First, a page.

Cyclic Nested Objects
As in any complex system, a cycle between various objects would be conceivable. The code example above shows a cycle between User and ShoppingCart, which is useful for access but a hurdle for DTO conversion. Realm internally uses a backlink from table columns to nested objects, resulting in a double chained reference. If we look at the UserDTO, for example, Realm uses a column internally in the ShoppingCartDTO that links back to the UserDTO. Unfortunately, this backlink is not available via Realm's high-level language libraries in Swift or Kotlin. Therefore, only a reference from UserDTO to ShoppingCartDTO exists in the DTOs, i.e. a tree.
A cyclic graph could technically be created via an additional reference. Realm itself is able to handle direct cyclical references. One could therefore introduce a reference to UserDTO in ShoppingCartDTO. In view of a DTO-to-model conversion, however, this would be inadvisable. A common procedure model here is reminiscent of foreign key mechanisms of SQL databases. One approach would be to have a property in ShoppingCartDTO that contains the UUID of the user. During conversion, the user object would then be loadable from the cache or realm. Another possibility would be not to have a back reference as long as the conversion always starts at the user object and moves down the tree. For example, when converting the ShoppingCartDTO, it would be possible to assign the already converted user instance to the ShoppingCart. In this case, ShoppingCart would make sense as a WeakProperty.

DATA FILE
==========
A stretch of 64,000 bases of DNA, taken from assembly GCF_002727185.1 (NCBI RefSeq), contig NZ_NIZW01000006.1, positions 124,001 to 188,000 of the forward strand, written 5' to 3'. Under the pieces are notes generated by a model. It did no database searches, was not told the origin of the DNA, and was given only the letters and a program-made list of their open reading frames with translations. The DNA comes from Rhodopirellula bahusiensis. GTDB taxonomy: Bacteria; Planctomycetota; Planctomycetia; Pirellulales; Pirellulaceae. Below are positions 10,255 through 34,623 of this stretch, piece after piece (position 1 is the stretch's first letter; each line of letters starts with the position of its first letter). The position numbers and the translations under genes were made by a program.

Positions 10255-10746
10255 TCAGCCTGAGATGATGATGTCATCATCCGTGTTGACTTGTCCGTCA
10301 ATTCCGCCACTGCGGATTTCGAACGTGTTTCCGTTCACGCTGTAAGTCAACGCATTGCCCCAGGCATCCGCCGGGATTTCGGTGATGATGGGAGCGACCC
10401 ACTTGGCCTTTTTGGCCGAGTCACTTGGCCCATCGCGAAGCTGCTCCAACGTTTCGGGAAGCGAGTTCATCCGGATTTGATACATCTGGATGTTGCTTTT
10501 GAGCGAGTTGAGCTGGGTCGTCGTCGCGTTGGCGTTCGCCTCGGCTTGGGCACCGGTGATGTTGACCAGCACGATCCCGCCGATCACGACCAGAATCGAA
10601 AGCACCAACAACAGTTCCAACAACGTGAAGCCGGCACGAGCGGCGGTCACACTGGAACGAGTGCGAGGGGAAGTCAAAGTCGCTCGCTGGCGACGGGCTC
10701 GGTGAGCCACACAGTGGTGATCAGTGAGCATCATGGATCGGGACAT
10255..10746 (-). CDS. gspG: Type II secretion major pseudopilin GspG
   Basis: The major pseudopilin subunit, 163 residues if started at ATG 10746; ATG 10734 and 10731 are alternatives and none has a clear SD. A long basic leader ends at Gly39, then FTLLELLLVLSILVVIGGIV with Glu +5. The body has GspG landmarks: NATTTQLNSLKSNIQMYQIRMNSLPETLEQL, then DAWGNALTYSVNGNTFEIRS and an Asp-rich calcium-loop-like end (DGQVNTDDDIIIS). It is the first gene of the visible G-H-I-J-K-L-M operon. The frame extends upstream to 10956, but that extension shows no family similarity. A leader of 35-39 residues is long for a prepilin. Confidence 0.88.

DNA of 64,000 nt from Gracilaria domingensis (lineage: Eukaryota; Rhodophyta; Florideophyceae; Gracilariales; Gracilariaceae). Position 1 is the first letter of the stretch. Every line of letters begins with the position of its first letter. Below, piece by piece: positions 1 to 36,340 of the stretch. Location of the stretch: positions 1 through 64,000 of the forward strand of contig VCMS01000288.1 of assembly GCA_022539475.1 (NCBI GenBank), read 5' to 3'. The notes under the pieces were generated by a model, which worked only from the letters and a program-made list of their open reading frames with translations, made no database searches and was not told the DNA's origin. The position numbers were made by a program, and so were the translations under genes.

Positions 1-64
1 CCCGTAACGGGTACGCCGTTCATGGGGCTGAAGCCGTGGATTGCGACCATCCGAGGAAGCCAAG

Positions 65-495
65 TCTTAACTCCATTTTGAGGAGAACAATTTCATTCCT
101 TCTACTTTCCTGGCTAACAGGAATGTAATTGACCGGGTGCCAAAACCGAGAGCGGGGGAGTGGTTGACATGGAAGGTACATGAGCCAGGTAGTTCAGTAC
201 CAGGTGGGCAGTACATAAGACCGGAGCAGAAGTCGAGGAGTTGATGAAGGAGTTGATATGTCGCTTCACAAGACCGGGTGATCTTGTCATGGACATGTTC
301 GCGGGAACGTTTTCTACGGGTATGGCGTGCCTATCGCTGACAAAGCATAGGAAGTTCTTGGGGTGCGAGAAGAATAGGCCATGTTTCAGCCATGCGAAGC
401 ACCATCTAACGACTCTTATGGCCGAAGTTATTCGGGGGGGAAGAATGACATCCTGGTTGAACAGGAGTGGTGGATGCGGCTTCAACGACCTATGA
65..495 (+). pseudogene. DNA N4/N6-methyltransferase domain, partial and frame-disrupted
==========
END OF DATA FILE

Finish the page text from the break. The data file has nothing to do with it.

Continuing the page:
In the model layer of the application, this could be mapped exactly in this way and modelled as a direct referencing between objects. With the DTO-to-model conversion in combination with model caching, it should be noted that the parent object User itself is first stored in the cache before the nested object ShoppingCart is loaded. Otherwise, the latter would not find the parent object User in the cache using the primary key and would create a new instance, resulting in two independent User instances.
The details explained so far are inherent in Realm and exist in this or a similar form in other databases. In addition, Realm also has some issues that are not inherent, but rather due to bugs and internal problems. This applies, for example, to the change log of the Kotlin/Realm API, which is worth a closer look. As far as root causes and bugs are concerned, MongoDB/Realm is typically actively working on fixing them.
Even if, in our experience, Realm is probably not the most stable of databases, it is an extremely reliable tool for use cases with serial access. From the point of view of our Xperts, Realm is particularly suitable for large amounts of data with very simple access patterns.